...if I had known that the second half of it focused on different theories of aging, but I'm glad I didn't know and ended up reading it! I picked up this book thinking it would focus primarily on evolution and the its relationship to the fluctuations of atmospheric oxygen content. I thought it might have some interesting tidbits about oxygen in metabolism and industry, and that would be plenty to fill 400 pages.

I was in for a great surprise! The author fills the first half of the book explaining theories of how the shifting atmospheric content of earth's atmosphere led to the evolution of life in its current form. In the second half, he diverges into some highly theoretical territory regarding free radicals, and differing theories of aging. This section introduced me to many interesting concepts that I had never considered before. I was taught that aging was a direct result of DNA replication, and I had never been exposed to the mitochondrial theory of aging. His discussion of inflammation as both a defense and our ultimate downfall was intriguing, and I was fascinated in his explanations of how plants and animals cope with high atmospheric oxygen content.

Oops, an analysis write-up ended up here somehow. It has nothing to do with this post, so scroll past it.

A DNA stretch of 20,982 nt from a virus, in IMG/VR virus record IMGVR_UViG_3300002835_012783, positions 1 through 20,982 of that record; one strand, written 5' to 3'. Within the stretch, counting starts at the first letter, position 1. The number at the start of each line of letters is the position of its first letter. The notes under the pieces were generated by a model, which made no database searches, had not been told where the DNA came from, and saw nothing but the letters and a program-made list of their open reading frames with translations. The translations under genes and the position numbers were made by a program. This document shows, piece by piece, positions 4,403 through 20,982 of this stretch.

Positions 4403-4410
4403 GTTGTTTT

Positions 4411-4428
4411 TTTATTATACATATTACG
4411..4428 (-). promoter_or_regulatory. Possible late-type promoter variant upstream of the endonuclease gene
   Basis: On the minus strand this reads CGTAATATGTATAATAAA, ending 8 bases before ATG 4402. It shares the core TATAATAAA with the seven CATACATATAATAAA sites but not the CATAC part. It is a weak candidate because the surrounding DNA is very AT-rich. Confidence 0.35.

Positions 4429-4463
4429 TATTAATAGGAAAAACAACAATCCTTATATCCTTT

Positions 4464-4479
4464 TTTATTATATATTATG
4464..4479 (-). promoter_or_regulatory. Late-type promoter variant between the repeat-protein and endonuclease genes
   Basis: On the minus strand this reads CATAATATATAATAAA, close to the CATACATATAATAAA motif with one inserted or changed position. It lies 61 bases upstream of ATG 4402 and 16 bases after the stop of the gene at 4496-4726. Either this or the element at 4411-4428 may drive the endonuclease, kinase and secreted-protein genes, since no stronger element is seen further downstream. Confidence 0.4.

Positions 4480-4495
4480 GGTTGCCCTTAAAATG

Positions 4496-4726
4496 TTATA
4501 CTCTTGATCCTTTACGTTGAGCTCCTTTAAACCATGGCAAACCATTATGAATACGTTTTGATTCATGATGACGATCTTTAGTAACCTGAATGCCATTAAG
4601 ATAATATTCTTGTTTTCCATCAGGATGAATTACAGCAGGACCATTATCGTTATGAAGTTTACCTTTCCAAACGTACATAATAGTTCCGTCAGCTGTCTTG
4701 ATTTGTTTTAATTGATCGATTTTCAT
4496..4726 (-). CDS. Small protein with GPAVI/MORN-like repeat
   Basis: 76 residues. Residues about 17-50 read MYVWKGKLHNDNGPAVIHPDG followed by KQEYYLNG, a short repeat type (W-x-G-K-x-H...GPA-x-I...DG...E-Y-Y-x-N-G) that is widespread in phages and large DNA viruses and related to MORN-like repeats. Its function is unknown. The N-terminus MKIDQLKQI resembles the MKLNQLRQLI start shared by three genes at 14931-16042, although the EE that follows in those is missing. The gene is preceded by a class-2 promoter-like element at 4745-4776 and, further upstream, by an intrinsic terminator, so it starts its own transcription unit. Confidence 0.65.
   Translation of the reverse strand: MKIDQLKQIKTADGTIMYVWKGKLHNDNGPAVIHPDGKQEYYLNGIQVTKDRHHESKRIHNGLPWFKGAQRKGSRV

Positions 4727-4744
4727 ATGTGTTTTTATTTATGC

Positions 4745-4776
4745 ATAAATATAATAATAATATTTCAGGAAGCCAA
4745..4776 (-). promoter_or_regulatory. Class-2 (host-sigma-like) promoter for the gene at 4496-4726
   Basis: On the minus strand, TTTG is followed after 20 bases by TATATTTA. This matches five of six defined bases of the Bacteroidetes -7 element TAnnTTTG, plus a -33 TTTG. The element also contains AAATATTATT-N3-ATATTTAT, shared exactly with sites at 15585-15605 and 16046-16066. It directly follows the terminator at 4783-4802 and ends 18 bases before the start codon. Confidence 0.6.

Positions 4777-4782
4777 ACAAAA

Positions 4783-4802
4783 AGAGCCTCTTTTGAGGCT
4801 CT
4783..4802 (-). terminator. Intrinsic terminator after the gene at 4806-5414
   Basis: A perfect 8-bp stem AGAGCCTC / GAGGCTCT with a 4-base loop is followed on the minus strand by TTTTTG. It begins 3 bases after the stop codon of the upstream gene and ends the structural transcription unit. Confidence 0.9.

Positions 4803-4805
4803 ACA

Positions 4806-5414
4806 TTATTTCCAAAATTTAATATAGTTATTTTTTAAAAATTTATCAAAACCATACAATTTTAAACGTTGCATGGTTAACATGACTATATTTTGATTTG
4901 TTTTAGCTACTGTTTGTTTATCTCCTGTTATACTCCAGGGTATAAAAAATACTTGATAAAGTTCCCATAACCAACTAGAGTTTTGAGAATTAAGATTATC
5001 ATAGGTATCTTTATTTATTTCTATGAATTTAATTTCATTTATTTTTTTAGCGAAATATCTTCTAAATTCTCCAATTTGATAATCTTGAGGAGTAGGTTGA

The author struck a great balance of leading you into the technical details of certain concepts, and then taking you up for an exhilarating breath of air by explaining how these minor details come together to paint a greater picture. It's a perfect harmony between detail and a broader perspective.

The theory is interesting, and even if it ultimately proves to be largely off base (as most theories are destined to meet their ends); this is a thought provoking and highly original work. You'll almost certainly learn something from this book! Highly recommended!!
14 internautes sur 15 ont trouvé ce commentaire utile 
4.0 étoiles sur 5 sex-linked mistake 31 mai 2006
Par booklover63928 - Publié sur Amazon.com
This is a great text. Although the ideas presented are often hypotheses, they still provoke great thought. I was disappointed when I came to the section on ploidy as a means of minimizing DNA mistakes. An XX female is not diploid. One of the X chromosomes is inactivated in development and continues as the Barr body. Sex-linked characteristics such as hemophillia and color-blindness are not on the Y chromosome, but on the X. This is why they are phenotypically expressed more often in males than females even though the phenotype male and carrier female should exist in even numbers in the population. He also should further explain how the sickle-cell heterozygote is selected for due to malarial resistance. Other than these minor points probably missed in editing, this is one fact-packed book which will definitely make any student of biology/biochemistry think.